Karen Cambre, Sharpe, Kenneth W.
News article for November 6, 2017
Lawn grasses are slowing their growth greatly. The days are getting shorter, with less sunlight and the temperatures are trying to cool down. All of this makes for slower growth on all plants and that includes our warm season lawn grasses.
Many people are interested in keeping a green lawn all year. They may have had green grass into the winter with different grass species in other regions of the country. Our warm season perennial grasses such as St. Augustine, centipede, Bermuda, carpet and zoysia will frost out and turn brown during the winter.
The desire for winter grass may be because you are just completing a construction project and need to plant grass this time of year to hold your soil in place during the winter.
The only way you can have green grass during the winter here is to plant cool season grass species such as ryegrass. There are two different types, annual and perennial. Annual ryegrass is the same type that we plant for livestock whereas perennial is what most athletic fields and golf courses use. Annual ryegrass is typically wider bladed, grows taller and is less expensive. Perennial is not perennial here and will not come back next year unless you plant it again. It is a finer texture and grows shorter and usually is considerably higher in cost. Both grasses need to be cut during winter so height is really not a huge difference.
Late October and early November are normal times for overseeding ryegrass. You want to wait for the warm season grasses to slow down and hope that a frost is getting close. (If you got up early enough you might have seen frost on the last Sunday in October, all the way to the ground around me.)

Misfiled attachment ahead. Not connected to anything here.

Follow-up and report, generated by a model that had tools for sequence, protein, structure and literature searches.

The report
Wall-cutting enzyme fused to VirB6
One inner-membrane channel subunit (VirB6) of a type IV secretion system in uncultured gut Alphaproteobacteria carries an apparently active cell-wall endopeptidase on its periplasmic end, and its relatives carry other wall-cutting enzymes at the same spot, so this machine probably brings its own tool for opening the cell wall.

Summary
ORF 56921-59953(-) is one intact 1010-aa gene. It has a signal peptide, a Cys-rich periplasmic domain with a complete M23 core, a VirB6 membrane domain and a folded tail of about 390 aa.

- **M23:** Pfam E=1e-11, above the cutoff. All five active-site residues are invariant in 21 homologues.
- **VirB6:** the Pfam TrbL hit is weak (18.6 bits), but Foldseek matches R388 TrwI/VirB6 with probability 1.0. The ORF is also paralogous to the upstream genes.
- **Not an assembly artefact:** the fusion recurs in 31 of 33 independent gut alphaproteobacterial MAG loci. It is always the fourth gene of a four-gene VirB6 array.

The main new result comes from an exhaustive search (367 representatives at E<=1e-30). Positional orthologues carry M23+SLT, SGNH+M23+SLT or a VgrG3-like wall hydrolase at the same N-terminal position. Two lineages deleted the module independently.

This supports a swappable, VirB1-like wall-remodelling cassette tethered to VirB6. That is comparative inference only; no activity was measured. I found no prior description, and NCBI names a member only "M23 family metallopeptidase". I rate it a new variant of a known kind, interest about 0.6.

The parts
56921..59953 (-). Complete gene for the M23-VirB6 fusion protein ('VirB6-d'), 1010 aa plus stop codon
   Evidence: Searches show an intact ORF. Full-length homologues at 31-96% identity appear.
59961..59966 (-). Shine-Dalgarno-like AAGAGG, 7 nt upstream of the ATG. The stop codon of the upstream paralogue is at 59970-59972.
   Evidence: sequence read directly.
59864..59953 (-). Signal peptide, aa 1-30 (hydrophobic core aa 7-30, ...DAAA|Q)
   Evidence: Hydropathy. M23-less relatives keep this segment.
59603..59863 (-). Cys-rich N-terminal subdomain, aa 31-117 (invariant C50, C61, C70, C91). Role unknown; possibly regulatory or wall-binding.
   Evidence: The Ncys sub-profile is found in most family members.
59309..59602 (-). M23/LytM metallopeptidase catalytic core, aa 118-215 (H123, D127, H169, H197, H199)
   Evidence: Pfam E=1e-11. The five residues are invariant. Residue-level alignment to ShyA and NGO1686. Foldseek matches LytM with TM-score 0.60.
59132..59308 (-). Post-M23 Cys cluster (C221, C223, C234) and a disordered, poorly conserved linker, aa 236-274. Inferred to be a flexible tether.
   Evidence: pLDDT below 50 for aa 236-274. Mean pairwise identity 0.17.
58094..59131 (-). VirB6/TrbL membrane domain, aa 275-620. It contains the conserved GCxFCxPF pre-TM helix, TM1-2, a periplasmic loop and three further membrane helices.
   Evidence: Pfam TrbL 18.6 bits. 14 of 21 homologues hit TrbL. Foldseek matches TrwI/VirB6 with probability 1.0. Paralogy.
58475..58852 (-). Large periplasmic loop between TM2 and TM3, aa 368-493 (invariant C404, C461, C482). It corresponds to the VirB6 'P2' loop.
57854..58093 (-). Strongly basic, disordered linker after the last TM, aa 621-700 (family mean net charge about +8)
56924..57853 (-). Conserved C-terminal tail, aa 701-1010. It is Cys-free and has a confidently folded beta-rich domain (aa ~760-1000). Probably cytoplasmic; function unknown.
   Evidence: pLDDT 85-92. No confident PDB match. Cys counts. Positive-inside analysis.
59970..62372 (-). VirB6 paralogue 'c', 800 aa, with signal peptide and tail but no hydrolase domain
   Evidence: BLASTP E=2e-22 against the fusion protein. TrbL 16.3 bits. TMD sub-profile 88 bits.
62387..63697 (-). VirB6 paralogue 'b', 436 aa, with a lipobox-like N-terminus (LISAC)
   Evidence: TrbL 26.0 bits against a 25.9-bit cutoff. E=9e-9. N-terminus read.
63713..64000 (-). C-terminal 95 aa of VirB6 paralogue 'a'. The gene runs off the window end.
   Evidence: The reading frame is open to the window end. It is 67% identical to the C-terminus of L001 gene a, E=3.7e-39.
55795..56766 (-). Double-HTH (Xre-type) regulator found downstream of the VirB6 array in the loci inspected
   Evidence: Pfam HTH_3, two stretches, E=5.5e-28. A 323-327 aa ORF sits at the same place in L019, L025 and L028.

If you will be seeding over existing sod, mow the grass just before spreading seed and maybe just a little lower than normal, but do not scalp the lawn. After mowing, broadcast seed at a rate of 5-10 pounds of ryegrass seed per 1000 ft². This is a higher rate than we use for livestock pastures, but this rate will give you a denser sod that will look smooth after mowing.
Apply half of your seed going back and forth in one direction, say east and west. Then come back and apply the other half going north and south. This will give you a more even seed distribution. If you just go in one direction, any misses will be apparent and you will have to look at them all winter long, and yes your neighbors will comment.
Once you are finished broadcasting seed, it would be a help to pull a drag over the lawn to shake the seed down to the soil. You could use a riding lawnmower or ATV to pull a piece of chain link fence or a landscape timber over the lawn. You could also use a rake or lawn broom. Next, apply water for fast germination.
If all goes well, you should see small ryegrass plants that look like green hairs emerging in about a week. That will be the time to fertilize the lawn to get the ryegrass growing. Broadcast 6 pounds of 13-13-13 fertilizer or 12 pounds of 8-8-8 fertilizer per 1000 ft².
In about 6 weeks your ryegrass will start to run out of nitrogen and will start to turn yellow in color. This will be your clue to apply more fertilizer but now you only need nitrogen, not a complete fertilizer. Apply 3 pounds of the urea/ammonium sulfate blend that has the analysis of 33-0-0-12 or 2 pounds of Urea (46-0-0) per 1000 ft².
Be sure to mow your ryegrass lawn, particularly when you get to spring, so the warm season grasses can emerge normally. Ryegrass will usually fade away in the heat of May.